Head of European Banking Authority Says the Regulate and Restrict Approach to Fintech is Ineffective

Let Fintech Innovation Reign

The Head of the European Banking Authority, Andrea Enria, delivered a fascinating speech last week in Copenhagen.

Enria addressed the challenge of appropriate regulation when it comes to innovation in finance. Fintech needs freedom to grow and evolve and slapping on existing rules is a misguided approach when it comes to fostering beneficial change. But this balancing act is a difficult one.

Quoting the text of his speech, Enria stated;

“The regulate and restrict approach is most often ineffective … the curb on innovation is likely to cause a significant loss of efficiency and competitiveness, which can be detrimental to the economy and not sustainable in the long term. The “let things happen” attitude has allowed a formidable increase in the risks in the unregulated sector, outside supervisory scrutiny. When the risks materialised, the complex web of interconnections between unregulated firms and regulated banks gave rise to a systemic crisis of unprecedented proportions. The idea that authorities could intervene, ex post, to clean up the mess and limit the damages to the economy, has proven misguided.”

Today, most approaches sit smack in the middle of delivering the “same risk – same rules” but new does not always require the same regulatory solution. Change is hard.

Enria believes that applying bank like supervision to Fintech firms is likely to be a “sub optimal solution.” Excessively constraining innovation by compelling Fintechs to deal with bank like rules is simply not sustainable for a small startup attempting to competed with a bigger financial institution. One size does not fit all.

The regulate and restrict approach is most often ineffective ... the curb on innovation is likely to cause a significant loss of efficiency and competitiveness, which can be detrimental to the economy and not sustainable in the long term #FintechClick To Tweet

Enria addresses the emergence of cryptocurrencies. He expresses his concern that several central banks (think Bank of England) have argued that digital currencies cannot fulfill the function of money. He is skeptical of this opinion. Referencing a statement from 2014, Enria explains a possible regulatory approach that is more nuanced, and would allow crypto-innovation to flourish. His suggestion iss built around “three pillars”;

  • full application of customer due diligence obligations under the anti- money laundering and counter terrorist financing (AML/CFT) regulations – a point that has now been included under the revised Anti-Money Laundering Directive (AMLD5);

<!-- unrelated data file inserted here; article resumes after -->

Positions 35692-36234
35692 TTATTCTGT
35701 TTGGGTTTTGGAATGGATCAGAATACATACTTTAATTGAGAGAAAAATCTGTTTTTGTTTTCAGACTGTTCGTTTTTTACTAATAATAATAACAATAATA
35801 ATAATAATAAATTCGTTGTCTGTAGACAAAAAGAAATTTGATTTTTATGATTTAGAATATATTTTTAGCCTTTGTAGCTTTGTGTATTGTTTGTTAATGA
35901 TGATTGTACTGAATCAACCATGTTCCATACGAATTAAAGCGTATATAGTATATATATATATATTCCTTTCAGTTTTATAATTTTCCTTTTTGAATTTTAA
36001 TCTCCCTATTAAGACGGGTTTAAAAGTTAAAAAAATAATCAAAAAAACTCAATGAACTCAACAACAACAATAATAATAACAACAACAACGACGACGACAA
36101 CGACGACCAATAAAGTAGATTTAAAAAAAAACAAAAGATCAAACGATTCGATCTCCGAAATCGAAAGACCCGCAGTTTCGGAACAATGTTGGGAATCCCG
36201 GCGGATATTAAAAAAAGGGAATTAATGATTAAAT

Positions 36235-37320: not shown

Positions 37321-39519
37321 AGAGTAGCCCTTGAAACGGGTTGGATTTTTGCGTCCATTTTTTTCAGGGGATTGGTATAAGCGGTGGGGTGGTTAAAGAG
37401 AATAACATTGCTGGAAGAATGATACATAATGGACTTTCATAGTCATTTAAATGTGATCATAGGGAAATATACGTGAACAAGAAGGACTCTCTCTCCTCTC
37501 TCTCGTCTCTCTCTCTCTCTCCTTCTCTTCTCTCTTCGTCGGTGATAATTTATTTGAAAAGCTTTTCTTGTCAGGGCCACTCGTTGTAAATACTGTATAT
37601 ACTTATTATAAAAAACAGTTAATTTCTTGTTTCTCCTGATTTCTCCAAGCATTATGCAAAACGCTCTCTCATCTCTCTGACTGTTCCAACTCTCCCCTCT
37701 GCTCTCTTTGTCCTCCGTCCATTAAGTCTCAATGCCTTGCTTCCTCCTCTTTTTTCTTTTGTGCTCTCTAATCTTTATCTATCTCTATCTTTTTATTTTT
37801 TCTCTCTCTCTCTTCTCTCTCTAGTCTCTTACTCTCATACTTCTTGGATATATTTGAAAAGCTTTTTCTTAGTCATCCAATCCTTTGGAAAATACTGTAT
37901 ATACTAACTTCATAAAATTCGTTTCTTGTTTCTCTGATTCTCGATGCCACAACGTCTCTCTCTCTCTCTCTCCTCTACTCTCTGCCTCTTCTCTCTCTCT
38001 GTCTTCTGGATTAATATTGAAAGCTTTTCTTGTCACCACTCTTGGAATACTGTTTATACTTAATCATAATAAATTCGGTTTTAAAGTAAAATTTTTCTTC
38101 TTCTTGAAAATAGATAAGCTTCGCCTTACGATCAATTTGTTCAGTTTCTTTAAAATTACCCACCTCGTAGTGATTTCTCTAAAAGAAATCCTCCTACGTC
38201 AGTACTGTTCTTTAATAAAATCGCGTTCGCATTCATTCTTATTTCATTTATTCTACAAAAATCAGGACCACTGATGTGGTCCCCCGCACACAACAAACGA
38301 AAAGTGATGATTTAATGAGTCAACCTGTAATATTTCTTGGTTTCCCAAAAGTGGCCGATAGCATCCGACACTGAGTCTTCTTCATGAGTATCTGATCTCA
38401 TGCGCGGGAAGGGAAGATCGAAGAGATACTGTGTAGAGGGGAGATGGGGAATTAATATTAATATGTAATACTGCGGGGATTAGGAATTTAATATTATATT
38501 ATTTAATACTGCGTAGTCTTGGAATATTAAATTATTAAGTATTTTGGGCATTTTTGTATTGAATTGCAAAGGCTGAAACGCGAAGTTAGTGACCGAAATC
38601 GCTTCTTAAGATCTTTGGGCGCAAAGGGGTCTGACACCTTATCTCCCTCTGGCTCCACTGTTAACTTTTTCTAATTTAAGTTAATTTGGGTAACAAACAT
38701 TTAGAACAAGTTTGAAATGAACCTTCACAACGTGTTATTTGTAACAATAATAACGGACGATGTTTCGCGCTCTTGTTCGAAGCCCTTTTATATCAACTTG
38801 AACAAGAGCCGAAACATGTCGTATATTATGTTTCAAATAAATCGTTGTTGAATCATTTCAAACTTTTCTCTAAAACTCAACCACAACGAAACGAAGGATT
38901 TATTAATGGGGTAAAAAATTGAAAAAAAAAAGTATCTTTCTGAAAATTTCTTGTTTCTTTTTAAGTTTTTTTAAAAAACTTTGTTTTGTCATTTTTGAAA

• warnings to consumers that investments in these assets are not protected by any regulation and, therefore, by any safety net, so that they may lose all the money invested – a step that has been accomplished through a recent warning we issued jointly with ESMA and EIOPA; and (iii)
  • preventing regulated financial institutions from buying, holding or selling these products – and possibly also from establishing direct or indirect connections with managers of cryptocurrencies –, so as to segregate the two sets of players and avoid contagion.

He believes this strategy would avoid granting any official recognition to a sector that is changing fast and difficult to regulate. Simultaneously it would tell the public these are highly speculative entities and there are no public guarantees for any public protection in these digital assets.

Rigorous but Proportionate

Referencing research by Kevin Werbach of Wharton, Enria shares that a “conscious choice by regulators of not imposing the full set of rules on a nascent technology can lead, as the technology gains pace, to a more mature and productive dialogue among innovative firms.”

'conscious choice by regulators of not imposing the full set of rules on a nascent technology can lead, as the technology gains pace, to a more mature and productive dialogue among innovative firms.'Click To Tweet

Enria’s perspective is a must read for all policymakers in the Fintech realm. Innovation needs room to thrive and survive. Traditional finance will, of course, cast dispersion upon challenging entities that want to compete for their business and disrupt core services. This is a natural reaction but regulators must listen with a balanced ear. Fintech is poised to provide better services at a lower cost and competition is core to facilitating this important goal. Hobbling innovation with old rules for old services is easy to do but a shortsighted policy solution. Hopefully, regulators will pursue a road less traveled and let innovation reign.

The text of the speech is embedded below.

Andrea Enria's speech on FinTech at Copenhagen Business School 090318
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